If medical tests confirm that a device’s owner is infected with novel coronavirus, that owner can optionally publish his or her temporary exposure keys from the last few weeks. These temporary exposure keys allow all other mobile phones in this system to look for a match. The apps on these phones can then re-run the cryptographic algorithm with these published keys, allowing it to see if any of the “rolling proximity identifiers” match ones send out by the device owned by the infected user. If there is a match, the app knows the specific time when it saw the infected user, for how long, and how strong the bluetooth signal was at those times, giving an idea of how close the two people came.

Can You Build Your Own Implementation?

On Android, yes, you can roll your own implementation of this today. In addition to the transmitter and receiver code shown above, you will also need to create your own implementation of the key generation, identifier rotation, key sharing and matching algorithm.

There are lots of reasons you might want to do so:

  1. You want a test tool to see how this system works, or to see if nearby devices are using it.
  2. You don’t want to wait for Google Play Services update with Google’s implementation, and want to make your own now.
  3. You want to provide an implementation for Android users who will never get the Google Play Services update. (e.g. Phones sold in China, Amazon Fire Tablets, newer Huawei phones sold outside China.)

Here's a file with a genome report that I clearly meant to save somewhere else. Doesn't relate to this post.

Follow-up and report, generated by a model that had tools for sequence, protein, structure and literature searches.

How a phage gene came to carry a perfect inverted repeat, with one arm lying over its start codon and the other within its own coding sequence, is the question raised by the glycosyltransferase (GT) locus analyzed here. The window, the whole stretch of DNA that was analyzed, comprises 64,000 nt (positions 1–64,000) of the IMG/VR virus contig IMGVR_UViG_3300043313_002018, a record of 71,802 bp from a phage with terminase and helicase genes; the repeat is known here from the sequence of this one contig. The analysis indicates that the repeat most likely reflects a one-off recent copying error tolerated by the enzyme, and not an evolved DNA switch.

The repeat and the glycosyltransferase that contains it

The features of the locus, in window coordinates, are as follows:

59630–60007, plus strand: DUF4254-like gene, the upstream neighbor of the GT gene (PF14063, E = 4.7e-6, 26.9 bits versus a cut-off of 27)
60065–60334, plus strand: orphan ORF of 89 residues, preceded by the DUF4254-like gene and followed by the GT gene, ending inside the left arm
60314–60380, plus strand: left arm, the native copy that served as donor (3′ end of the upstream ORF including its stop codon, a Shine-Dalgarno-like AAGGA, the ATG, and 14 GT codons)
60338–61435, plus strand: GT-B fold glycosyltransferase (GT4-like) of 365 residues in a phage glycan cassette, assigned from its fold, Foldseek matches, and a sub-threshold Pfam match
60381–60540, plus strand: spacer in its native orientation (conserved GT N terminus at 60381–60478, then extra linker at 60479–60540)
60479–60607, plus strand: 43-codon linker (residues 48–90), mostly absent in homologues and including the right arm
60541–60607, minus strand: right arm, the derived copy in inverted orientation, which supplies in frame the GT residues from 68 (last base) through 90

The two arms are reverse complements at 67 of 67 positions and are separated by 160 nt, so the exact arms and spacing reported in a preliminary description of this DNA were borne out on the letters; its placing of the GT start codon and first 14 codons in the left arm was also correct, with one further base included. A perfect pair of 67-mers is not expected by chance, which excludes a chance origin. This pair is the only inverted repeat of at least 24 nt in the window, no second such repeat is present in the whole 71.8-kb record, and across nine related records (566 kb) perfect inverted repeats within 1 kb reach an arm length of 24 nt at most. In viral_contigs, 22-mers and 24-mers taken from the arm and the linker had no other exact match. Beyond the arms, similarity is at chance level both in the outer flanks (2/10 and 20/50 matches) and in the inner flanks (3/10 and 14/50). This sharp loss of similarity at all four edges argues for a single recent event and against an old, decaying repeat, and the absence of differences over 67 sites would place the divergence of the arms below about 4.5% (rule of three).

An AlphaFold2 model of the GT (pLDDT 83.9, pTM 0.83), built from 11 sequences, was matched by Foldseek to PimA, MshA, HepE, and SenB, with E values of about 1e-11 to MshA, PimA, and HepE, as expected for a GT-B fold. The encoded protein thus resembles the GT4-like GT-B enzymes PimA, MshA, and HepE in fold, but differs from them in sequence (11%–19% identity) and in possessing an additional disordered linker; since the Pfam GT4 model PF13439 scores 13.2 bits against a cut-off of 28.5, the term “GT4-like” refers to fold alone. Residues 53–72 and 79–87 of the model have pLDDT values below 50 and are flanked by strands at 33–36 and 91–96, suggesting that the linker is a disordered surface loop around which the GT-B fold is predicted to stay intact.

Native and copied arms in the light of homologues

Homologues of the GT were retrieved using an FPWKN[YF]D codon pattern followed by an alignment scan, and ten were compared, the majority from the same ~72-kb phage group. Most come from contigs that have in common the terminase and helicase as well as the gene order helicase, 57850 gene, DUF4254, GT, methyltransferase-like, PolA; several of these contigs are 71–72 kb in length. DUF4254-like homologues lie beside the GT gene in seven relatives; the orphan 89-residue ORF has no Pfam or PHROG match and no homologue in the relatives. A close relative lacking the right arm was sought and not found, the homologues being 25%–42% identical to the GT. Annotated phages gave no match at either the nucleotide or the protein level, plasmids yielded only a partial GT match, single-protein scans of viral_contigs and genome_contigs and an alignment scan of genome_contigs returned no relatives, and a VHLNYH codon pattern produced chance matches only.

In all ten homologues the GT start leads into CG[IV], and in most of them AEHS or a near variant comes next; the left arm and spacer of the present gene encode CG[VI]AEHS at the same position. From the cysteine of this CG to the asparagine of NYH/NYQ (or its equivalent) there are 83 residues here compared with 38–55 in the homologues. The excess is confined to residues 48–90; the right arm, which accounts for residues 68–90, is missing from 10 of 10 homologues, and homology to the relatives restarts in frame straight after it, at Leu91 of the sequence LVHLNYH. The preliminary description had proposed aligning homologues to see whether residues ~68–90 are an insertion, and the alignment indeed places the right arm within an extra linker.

4. You want to build this into your own app so if users don’t update Google Play Services, or deny it permission to perform this function, your app can still provide the functionality.

If you decide to proceed, be forewarned that the spec is not final, so it may be subject to change. In the past few days, the spec was updated to add the Encrypted Metadata field and change much of the terminology.

Multiple Installations on the Same Phone

If you do build your own implementation, and a user later installs both your version and that inside Google Play Services, both will work at the same time. To other devices, two implementations on a single phone will appear to be two different phones (although over short intervals they will share the same bluetooth MAC address so it is theoretically possible to know they are the same phone.) The consequences of two copies running on the phone are little different than carrying two phones in your pocket.

Hacking on iOS

Equivalent hacking on iOS is currently impossible – at least on the transmission side. Apple’s iOS APIs prevent any 3rd party app from making the phone transmit the kind of advertisement shown in the spec. While apps can transmit GATT service advertisements, they can’t attach data. This is because the CBAdvertisementDataServiceDataKey that associates service data to an advertisement is read-only on iOS. You simply can’t set the data needed to advertise one of these beacons.

What iOS can do is detect such advertisements with CoreBluetooth – for now at least. (UPDATE 4/30/2020: This no longer works on iOS 13.5 beta 2. It works on earlier OS versions.) Here’s code that shows how you can do that:

let exposureNotificationServiceUuid = CBUUID(string: "FD6F")
centralManager?.scanForPeripherals(withServices: [exposureNotificationServiceUuid], options: [CBCentralManagerScanOptionAllowDuplicatesKey: true])